Gabon govt says it quashed coup by army mutineers
President Bongo has appeared in public only twice following a stroke in October
A JOINT REPORT
Gabonese authorities said they put down an attempted coup last week by a group of mutineering soldiers who had seized control of the national broadcaster and vowed to "save a democracy in danger."
Communication Minister Guy-bertrand Mapangou told Radio France Internationale on Monday that order had been restored, and the capital, Libreville, was largely quiet.
His statement came hours after Ondo Obiang Kelly, an army lieutenant, read a statement on state TV saying young army officers were disappointed with a speech by President Ali Bongo on December 31 that he broadcast from Morocco, where he has been convalescing for two months following a stroke.
"While he attempted to quickly end the debate on his health, the speech only reinforced doubts about his capacity to handle the heavy responsibilities that come with the position of president of the republic,'' said Mr Kelly.
That is why the Patriotic Movement of Young Defence and Security Forces decided "to take its responsibility to finally defeat all these manoeuvres that are underway to confiscate power," in an apparent reference to senior Gabonese officials who are running state institutions in President Bongo's absence.
Yields on the nation's $1.5 billion of sinkable bonds due 2024 jumped as much as 56 basis points before paring the rise to trade seven points higher at 8.43 per cent by 12:54pm.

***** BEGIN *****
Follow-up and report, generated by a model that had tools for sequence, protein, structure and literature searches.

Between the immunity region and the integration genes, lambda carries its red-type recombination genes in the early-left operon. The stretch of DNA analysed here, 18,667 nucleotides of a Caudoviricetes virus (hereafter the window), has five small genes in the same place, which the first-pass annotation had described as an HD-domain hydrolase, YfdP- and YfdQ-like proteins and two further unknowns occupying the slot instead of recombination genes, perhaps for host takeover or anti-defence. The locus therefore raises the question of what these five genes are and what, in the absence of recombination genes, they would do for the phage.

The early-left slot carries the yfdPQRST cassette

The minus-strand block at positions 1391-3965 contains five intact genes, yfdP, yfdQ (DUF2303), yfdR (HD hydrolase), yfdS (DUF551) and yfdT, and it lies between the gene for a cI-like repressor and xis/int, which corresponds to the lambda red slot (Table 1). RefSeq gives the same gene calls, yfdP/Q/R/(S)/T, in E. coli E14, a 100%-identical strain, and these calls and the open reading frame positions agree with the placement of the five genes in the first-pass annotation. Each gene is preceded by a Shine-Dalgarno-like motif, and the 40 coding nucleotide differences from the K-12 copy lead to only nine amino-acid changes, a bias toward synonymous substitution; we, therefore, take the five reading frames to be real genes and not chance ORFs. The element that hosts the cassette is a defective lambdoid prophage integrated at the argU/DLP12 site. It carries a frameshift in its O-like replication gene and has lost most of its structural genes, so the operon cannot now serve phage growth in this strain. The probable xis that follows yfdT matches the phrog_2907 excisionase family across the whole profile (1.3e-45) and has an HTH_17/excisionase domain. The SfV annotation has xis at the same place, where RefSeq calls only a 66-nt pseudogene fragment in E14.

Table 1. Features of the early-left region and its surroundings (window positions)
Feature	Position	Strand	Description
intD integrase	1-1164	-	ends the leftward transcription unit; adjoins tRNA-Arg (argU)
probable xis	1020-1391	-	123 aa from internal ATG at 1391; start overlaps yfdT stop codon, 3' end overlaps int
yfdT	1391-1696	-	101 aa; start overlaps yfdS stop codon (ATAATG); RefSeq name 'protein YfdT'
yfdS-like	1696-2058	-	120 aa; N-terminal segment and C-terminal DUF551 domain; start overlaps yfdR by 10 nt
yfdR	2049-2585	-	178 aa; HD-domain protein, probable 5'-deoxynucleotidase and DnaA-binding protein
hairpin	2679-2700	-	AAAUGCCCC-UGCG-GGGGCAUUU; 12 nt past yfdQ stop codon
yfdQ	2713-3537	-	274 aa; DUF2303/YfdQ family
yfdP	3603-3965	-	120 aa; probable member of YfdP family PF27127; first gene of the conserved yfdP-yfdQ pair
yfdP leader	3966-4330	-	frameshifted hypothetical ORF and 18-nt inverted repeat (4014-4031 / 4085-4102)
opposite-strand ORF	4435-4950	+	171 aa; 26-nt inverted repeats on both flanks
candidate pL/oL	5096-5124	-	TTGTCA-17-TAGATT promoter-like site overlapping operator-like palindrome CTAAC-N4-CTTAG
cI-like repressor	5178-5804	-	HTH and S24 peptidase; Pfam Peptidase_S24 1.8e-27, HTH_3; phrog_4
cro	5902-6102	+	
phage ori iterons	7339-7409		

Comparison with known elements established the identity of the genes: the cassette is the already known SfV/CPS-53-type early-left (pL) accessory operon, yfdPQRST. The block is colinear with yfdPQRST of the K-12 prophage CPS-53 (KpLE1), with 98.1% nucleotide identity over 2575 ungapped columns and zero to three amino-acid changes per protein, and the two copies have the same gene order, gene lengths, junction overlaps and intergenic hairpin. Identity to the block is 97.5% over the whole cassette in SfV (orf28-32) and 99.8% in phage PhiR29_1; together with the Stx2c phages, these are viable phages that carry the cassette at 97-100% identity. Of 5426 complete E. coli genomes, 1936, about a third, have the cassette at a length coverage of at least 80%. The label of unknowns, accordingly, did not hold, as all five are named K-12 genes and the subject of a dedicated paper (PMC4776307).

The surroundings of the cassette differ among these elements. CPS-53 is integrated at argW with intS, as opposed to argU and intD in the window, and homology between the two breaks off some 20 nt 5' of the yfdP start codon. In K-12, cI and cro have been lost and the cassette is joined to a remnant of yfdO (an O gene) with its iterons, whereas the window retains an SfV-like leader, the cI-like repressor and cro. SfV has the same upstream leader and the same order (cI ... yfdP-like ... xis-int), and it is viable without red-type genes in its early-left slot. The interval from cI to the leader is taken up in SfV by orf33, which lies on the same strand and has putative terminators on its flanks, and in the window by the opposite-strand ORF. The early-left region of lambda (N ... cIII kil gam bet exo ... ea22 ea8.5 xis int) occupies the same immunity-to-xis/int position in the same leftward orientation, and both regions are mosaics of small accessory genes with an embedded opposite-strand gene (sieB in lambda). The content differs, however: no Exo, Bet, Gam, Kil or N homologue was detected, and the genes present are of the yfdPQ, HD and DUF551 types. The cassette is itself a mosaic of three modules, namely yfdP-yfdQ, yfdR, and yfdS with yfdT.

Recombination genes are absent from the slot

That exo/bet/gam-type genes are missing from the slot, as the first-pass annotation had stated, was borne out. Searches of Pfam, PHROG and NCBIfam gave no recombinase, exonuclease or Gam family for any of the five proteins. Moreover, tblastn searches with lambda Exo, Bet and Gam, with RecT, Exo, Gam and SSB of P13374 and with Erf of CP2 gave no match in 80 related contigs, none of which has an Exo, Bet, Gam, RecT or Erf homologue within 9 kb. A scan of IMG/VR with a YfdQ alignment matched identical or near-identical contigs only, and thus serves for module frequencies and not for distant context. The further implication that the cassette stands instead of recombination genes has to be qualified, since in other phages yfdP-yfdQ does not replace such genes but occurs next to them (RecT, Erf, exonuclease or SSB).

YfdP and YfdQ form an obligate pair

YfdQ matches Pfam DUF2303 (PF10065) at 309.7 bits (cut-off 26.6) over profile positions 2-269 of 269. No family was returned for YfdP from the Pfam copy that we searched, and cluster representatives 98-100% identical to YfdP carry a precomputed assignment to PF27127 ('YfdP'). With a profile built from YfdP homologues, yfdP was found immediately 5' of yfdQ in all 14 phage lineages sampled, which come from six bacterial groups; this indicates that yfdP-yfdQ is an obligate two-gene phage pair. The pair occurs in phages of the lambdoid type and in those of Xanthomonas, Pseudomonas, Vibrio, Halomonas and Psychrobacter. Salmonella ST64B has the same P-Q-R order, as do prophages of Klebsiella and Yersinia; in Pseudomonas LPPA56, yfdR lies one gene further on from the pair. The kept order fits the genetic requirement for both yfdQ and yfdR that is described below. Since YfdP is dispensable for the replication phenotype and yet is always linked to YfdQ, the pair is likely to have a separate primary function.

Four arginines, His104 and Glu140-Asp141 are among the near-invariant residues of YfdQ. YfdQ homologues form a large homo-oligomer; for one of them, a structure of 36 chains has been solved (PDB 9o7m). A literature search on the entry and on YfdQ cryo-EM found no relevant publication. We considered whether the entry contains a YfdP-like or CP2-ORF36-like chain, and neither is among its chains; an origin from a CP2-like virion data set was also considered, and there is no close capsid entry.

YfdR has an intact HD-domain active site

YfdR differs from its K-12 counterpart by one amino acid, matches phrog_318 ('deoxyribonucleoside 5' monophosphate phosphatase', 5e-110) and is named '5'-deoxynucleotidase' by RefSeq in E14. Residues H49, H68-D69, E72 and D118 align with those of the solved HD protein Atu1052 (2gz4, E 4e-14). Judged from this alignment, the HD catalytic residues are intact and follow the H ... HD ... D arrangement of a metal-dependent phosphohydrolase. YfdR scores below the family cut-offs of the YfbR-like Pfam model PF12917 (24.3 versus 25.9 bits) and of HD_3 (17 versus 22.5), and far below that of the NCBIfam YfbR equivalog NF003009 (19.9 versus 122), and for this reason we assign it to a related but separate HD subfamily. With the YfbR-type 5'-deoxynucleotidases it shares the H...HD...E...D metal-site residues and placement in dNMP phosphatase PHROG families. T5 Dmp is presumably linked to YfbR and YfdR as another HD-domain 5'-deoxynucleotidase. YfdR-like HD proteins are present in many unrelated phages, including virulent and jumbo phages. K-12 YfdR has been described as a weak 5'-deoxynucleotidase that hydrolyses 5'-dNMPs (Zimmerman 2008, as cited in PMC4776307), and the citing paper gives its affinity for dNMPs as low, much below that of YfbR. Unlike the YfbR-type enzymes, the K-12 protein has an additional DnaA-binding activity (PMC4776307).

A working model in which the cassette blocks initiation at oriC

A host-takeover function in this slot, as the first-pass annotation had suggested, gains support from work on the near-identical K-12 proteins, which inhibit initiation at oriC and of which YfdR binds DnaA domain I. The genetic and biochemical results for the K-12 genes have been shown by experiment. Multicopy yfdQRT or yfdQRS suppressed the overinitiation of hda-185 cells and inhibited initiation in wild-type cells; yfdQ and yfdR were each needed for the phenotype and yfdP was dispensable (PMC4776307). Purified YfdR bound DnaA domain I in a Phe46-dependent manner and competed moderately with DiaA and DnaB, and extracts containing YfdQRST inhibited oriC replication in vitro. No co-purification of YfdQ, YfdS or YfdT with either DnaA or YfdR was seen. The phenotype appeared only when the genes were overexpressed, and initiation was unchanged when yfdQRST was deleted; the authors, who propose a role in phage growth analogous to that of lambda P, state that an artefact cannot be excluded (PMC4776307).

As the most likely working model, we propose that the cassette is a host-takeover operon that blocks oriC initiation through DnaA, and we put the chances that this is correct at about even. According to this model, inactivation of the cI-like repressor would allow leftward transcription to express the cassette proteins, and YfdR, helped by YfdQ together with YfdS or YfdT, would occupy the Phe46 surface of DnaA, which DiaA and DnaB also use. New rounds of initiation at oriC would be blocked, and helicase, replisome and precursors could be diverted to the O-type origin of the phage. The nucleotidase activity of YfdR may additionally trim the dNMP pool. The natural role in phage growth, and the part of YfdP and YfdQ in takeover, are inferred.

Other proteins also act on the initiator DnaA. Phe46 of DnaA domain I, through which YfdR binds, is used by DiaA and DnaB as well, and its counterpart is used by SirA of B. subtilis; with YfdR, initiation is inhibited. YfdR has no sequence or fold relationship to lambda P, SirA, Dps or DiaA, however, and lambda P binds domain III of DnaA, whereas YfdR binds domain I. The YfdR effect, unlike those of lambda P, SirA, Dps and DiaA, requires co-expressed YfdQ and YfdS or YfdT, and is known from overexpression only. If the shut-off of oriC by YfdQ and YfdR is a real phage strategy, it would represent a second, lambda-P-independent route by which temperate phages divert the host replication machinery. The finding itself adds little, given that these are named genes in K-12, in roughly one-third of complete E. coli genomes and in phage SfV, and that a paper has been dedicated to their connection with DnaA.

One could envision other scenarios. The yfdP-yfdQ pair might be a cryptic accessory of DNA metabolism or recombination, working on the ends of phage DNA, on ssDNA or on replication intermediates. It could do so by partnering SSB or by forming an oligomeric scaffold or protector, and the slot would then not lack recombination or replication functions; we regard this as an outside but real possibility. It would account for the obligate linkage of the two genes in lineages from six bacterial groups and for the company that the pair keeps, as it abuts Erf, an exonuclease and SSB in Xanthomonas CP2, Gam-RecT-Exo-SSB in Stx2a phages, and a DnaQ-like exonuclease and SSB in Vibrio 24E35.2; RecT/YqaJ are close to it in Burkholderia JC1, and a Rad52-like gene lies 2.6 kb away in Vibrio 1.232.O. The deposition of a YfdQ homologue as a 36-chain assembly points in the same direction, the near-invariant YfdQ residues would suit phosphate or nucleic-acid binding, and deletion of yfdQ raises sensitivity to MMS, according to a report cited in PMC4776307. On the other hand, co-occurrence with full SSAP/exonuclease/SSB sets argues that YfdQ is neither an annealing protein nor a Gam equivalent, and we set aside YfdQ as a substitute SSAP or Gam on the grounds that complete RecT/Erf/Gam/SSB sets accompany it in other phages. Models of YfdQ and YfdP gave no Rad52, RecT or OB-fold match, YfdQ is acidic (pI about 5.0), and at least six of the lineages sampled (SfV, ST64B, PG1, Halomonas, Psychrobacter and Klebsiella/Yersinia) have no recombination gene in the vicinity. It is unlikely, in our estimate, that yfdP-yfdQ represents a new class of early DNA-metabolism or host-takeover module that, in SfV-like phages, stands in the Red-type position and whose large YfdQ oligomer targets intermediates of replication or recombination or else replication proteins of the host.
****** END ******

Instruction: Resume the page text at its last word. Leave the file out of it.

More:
Oil-dependent Gabon is the second-smallest member of the Organisation of Petroleum Exporting Countries. While the majority of the population of less than two million people lives in poverty, the Bongo family is among the wealthiest in Central Africa, according to a French government probe that resulted in the seizure of real estate assets in Paris in 2016.
The movement urged army officers to seize weapons and ammunition and join the group, and called on all Gabonese to "take control of the streets" and "save Gabon from chaos."
At least five soldiers, including Kelly, were arrested because of their suspected involvement in the coup attempt, RFI reported.
Helicopters were circling overheard in the capital and gunfire rang out across the capital, Libreville, early in the morning, prompting most residents to stay indoors. The Internet and mobile-phone lines were cut a few hours after the coup announcement. Ali Bongo was born Alain Bernard Bongo in Congo-brazzaville in February 1959. His mother, Patience Dabany, was 15 at the time of Ali’s birth. Eight years later, his father Omar Bongo took control of Gabon. The senior Bongo would rule for 42 years. At age nine, Ali — a name he took up after he converted to Islam in 1973, alongside his father who became Omar — was sent to a private school in Paris. He later studied law in the French city. From an early age, Ali had a passion for football and music — a talent he inherited from his mother, who was a singer. He even released an album in 1977. Ali would turn to politics within four years of the album release. He travelled extensively with his father, building networks in the US and the Arab world. In 1989, he was appointed foreign minister at the age of 30. He stepped down two years later when a new constitution put the minimum age limit for Cabinet members at 35. In 1999, he became the head of the Defence Ministry. The younger Bongo would take power in 2009 following the death of his father. He is married to the French-born Sylvia. The couple has four children.
The headquarters of the national broadcaster Radiodiffusion Television Gabonaise in Libreville on January 7, after a group of soldiers sought to seize power.